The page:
British and Russian heroes from the Arctic convoys of World War Two will be converging on HMS Belfast this month to mark the 70th anniversary of their vital missions to Russia.
© Irina Kalashnikova
Naval veterans from both countries will be present on the historic Thames-moored battleship on May 9th to commemorate lost shipmates who gave their lives in the treacherous waters of the Arctic.
As well as marking the start of the Great Patriotic War in the USSR against the German invasion of Russia, 2011 also marks the 70th anniversary of the first Arctic Convoy, “Dervish”, which sailed with provisions to the Soviet Union in August 1941.
The convoy was the first of 78 to sail from Britain and North America, delivering vital supplies to the Soviet Union through the northern ports including Murmansk.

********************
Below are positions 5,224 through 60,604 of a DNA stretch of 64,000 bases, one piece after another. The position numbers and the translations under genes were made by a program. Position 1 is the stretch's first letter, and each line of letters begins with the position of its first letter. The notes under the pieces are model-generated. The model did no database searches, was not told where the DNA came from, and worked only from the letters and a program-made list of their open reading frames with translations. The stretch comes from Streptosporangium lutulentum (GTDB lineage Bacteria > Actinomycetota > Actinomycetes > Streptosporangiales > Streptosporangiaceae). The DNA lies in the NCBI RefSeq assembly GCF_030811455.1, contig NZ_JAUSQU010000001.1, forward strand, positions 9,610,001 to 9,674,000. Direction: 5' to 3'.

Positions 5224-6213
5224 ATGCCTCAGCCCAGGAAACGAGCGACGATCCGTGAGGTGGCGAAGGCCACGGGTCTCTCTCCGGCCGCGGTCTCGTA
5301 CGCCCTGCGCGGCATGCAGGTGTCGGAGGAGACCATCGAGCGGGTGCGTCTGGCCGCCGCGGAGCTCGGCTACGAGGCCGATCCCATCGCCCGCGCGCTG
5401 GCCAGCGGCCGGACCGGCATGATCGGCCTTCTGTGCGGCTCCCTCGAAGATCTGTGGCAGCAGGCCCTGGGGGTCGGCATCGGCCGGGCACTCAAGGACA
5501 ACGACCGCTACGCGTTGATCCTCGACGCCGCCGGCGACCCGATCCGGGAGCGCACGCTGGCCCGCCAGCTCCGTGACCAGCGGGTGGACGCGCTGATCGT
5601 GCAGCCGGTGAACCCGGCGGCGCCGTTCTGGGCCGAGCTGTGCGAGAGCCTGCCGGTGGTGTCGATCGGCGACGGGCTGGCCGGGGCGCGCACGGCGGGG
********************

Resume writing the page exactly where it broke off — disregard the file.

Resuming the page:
Thousands of British sailors - many of them merchant seamen - lost their lives in the Arctic and Transatlantic convoys. Eighty-five merchant vessels and 16 escorting warships were lost in the Arctic missions, which continued until the end of the war in May 1945.
One of the Royal Navy ships to survive was HMS Belfast, which played a major role in Arctic convoy protection during 1943.
The commemorative event will take place in the presence of HRH The Duke of Kent and the Ambassador of Russian Federation Alexander Yakovenko, joined by British and Russian dignitaries.
A minute’s silence, ended by gunfire from HMS Belfast, will be followed by recitals of the Russian and British national anthems by the Royal Artillery Band.
- See the Imperial War Museum website for more on the role of HMS Belfast in the Arctic Convoys,